But the agent has his passport and has refused to refund his recruitment fee, he said. He has no money for a plane ticket.
“There is a huge dependence on migrant workers who have employment terms that are no different than indentured servitude,” said Sarah Leah Whitson, director of the Middle East and North Africa division of Human Rights Watch, an advocacy group that has documented abuses of migrant workers in the neighboring emirate of Abu Dhabi. “This is a system that’s put in place to entrap workers.”
The view engineered by Mr. Donis, the architect, crops out such everyday tragedies, spotlighting a futuristic tangle of glass and steel.
Mr. Ramesh is beyond that frame.
“This is my destiny,” he said. “I’m stuck.”
A Landmark in Dispute
For Mr. Donis, Dubai was supposed to be the place for his solo debut.
For eight years, he labored alongside a glittering star, the Dutch architect Rem Koolhaas. Mr. Donis handled the design for the CCTV tower headquarters in Beijing, an oddly angular structure that has gained international acclaim. He designed a new airport for Jedda, Saudi Arabia, but it was never built. Ditto an office building in Dubai.
The competition, in 2008, beckoned as an invitation to create something prominent — “an iconic tall emblem structure that contributes to the new face of Dubai,” according to the rules. The municipality set a goal of attracting two million tourists a year to the site.
The contest was overseen by ThyssenKrupp Elevator, a German industrial giant. It was governed by the rules of the International Union of Architects, an organization affiliated with Unesco that lays down a code of conduct for professionals. Union-supervised competitions had produced designs for the Sydney Opera House in Australia and the Pompidou Center in Paris.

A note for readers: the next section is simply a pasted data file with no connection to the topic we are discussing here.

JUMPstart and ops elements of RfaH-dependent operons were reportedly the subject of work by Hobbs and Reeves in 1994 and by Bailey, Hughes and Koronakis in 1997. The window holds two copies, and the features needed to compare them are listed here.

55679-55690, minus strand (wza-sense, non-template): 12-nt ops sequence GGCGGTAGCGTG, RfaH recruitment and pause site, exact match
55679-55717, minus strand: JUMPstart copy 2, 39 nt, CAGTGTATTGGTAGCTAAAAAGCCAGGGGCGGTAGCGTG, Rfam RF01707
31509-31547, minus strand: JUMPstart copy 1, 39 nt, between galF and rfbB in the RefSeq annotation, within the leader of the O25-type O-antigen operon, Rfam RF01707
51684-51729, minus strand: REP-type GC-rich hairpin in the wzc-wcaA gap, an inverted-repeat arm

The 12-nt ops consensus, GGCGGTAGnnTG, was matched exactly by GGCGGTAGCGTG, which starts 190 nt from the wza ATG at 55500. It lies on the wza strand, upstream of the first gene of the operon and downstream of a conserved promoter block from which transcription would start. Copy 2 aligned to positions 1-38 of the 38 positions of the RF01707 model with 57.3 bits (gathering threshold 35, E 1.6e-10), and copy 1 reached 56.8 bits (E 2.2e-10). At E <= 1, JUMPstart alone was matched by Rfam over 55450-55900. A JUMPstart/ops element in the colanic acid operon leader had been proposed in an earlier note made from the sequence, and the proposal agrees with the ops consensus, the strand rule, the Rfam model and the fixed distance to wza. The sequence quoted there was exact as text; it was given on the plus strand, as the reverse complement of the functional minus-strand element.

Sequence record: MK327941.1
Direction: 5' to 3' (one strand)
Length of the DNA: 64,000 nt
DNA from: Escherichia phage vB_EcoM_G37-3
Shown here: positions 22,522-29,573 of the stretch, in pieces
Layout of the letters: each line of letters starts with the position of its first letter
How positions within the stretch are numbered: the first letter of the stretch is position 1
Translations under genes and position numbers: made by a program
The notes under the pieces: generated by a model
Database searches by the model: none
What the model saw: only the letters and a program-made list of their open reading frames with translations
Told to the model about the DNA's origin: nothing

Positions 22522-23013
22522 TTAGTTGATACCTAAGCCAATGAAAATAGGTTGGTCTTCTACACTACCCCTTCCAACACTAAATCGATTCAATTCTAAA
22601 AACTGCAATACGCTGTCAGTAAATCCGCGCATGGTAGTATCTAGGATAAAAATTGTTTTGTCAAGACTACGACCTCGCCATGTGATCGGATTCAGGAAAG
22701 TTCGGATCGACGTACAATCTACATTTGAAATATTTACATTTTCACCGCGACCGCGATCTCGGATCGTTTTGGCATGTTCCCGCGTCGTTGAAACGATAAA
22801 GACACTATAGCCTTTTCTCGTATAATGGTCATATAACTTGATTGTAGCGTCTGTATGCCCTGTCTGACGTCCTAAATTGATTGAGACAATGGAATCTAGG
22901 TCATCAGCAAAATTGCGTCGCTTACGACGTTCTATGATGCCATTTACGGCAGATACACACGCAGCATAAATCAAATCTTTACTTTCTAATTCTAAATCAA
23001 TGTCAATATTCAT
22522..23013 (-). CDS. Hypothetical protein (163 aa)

Mr. Donis, 44, had already spent enough time in Dubai to be struck by its audacity. “It’s incredible that a city can just be raised from scratch in such a short time,” he said.
Unlike neighboring Abu Dhabi, which is rich in oil, Dubai has little of that precious commodity. City leaders folded the proceeds from what oil they had into infrastructure, making Dubai a major shipbuilder and container port. Then, they turned it into one of the busiest air hubs on earth, a gateway connecting Asia to Europe and North America.
Successive waves of real estate development have constructed an empire of luxury high-rise apartments and resorts centered on hedonistic pursuits. Today, Dubai is a city where one can sit in a glass-fronted dining room atop a seven-star hotel and dine on truffles and caviar while gazing at beachfront villas set on an island shaped like a palm tree.
“I was very critical of the architecture,” Mr. Donis said. “I thought, you could propose something else, something more serious.”
He sketched a slender, unadorned frame, a concept he had written about at length in his graduate studies. City leaders declared him the winner. They flew him to Dubai and honored him with a celebration dinner at the Raffles Hotel. He presented his vision to the crown prince.
The contest rules endowed him with legal ownership of his idea: “The author of the preliminary design placed first will keep his copyright and his work may only be used by the Dubai Municipality when he has signed the corresponding contract.”